Governance and the public good
Morrell, Kevin. (2009) Governance and the public good. Public Administration, Vol.87 (No.3). pp. 538-556. ISSN 0033-3298Full text not available from this repository.
Official URL: http://dx.doi.org/10.1111/j.1467-9299.2009.01756.x
The paper examines the control of power, using an account of the public good developed from Aristotle. It identifies three different perspectives on the relationship between governance (the control of power) and the public good: a ‘cybernetic’ perspective, an ‘axiological’ perspective, and a perspective of ‘critique’. This framework offers a way to scrutinize the exercise of power, and to evaluate the linkages between a political administration and its citizenry. To evaluate an administration’s legacy, this framework suggests we should study: (1) how an administration controls power over time; (2) how an administration exhibits virtue; and (3) how an administration creates conditions which enable its citizens to live the good life. Narrative theory is one basis for empirical development of this framework. This contributes to some long-standing debates in management, public administration, economics and political science. It also enables critical examination of a fashionable, though vague, term: ‘public value’.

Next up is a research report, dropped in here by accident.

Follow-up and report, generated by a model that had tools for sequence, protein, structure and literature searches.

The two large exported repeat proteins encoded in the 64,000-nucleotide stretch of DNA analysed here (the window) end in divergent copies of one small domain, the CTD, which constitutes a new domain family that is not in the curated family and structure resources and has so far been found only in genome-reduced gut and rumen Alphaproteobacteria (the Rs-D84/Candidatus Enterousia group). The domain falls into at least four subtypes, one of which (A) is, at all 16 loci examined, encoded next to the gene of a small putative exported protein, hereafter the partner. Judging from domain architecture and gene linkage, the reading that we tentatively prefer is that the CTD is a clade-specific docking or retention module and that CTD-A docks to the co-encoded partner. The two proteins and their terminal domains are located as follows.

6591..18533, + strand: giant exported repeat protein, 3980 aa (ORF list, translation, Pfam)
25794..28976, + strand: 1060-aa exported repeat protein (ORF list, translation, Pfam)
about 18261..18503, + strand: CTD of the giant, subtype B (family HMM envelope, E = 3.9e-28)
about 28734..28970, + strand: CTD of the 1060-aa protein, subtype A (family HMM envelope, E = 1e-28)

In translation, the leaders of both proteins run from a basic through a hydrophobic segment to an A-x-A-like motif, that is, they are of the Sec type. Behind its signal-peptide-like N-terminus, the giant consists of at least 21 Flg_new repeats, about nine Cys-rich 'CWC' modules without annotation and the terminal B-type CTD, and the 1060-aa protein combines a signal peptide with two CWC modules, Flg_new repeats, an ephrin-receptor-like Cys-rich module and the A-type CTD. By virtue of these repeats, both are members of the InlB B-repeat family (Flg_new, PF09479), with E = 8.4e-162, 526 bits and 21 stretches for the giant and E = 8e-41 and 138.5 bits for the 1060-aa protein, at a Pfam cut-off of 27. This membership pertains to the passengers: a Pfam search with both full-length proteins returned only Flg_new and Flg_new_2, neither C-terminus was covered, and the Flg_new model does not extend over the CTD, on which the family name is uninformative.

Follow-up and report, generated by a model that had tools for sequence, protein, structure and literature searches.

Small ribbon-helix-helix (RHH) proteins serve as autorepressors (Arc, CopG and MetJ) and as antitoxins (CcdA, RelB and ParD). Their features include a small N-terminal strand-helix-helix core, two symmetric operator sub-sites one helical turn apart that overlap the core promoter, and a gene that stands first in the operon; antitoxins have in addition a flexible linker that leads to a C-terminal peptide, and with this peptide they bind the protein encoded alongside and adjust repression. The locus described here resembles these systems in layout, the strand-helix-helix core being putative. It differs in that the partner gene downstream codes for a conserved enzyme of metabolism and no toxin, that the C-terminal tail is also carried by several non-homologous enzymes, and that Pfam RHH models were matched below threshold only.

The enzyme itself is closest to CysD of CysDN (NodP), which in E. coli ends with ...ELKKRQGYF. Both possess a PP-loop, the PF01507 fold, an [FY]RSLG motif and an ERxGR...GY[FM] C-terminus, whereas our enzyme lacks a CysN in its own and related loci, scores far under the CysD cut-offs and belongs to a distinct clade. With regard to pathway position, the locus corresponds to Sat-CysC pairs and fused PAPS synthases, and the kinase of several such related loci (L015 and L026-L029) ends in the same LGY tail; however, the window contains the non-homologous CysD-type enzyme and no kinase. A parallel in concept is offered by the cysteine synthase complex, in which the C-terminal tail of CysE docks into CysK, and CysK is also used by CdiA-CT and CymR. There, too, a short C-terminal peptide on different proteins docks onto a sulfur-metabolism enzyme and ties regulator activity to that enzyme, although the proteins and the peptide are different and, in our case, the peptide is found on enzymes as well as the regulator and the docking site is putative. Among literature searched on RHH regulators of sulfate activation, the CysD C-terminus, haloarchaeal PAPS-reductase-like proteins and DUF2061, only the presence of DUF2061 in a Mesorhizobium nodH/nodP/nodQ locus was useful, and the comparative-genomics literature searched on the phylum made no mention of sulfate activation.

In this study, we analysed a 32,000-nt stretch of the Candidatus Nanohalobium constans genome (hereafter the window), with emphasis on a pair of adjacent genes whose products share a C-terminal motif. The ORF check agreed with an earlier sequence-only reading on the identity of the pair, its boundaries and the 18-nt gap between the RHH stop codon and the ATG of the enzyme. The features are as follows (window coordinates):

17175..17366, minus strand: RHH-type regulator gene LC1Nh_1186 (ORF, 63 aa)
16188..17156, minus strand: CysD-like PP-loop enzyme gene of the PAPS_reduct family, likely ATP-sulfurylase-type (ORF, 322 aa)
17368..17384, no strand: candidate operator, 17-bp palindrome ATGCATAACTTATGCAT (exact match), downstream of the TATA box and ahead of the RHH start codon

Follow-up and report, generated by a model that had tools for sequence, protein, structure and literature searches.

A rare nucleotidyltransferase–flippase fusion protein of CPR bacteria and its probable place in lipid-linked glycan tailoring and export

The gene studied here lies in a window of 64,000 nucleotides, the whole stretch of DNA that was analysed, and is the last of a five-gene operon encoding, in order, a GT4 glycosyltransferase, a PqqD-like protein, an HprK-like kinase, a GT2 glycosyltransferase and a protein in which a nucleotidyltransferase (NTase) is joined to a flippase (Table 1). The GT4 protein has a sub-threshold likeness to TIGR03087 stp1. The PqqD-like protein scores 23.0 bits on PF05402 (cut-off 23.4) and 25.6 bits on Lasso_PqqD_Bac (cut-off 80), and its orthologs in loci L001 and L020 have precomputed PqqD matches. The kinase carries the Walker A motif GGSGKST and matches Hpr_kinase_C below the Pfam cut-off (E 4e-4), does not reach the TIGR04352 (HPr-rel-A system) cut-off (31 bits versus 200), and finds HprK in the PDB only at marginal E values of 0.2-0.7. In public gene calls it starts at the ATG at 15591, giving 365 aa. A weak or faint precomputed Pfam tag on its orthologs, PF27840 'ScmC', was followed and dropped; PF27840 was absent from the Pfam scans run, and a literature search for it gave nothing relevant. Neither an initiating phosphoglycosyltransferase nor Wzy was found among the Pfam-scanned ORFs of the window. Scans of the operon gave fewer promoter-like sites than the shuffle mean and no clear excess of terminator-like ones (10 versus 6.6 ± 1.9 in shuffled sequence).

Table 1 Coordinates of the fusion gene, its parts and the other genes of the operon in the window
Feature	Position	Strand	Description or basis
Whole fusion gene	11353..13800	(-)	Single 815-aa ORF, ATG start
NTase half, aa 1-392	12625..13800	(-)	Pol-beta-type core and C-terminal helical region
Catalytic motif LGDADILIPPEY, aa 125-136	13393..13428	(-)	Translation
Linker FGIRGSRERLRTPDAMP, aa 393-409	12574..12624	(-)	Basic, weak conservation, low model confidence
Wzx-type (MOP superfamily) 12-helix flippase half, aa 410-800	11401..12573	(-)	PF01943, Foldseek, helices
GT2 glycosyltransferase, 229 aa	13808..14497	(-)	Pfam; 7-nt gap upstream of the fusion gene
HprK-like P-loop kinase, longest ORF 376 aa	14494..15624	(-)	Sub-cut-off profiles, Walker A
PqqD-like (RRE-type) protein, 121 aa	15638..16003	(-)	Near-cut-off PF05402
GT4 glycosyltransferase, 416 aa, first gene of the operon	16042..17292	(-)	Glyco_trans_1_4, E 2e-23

|Item Type:||Journal Article|
|Divisions:||Faculty of Social Sciences > Warwick Business School > International Centre for Governance & Public Management
Faculty of Social Sciences > Warwick Business School
|Journal or Publication Title:||Public Administration|
|Publisher:||Wiley-Blackwell Publishing Ltd.|
|Page Range:||pp. 538-556|
|Access rights to Published version:||Restricted or Subscription Access|
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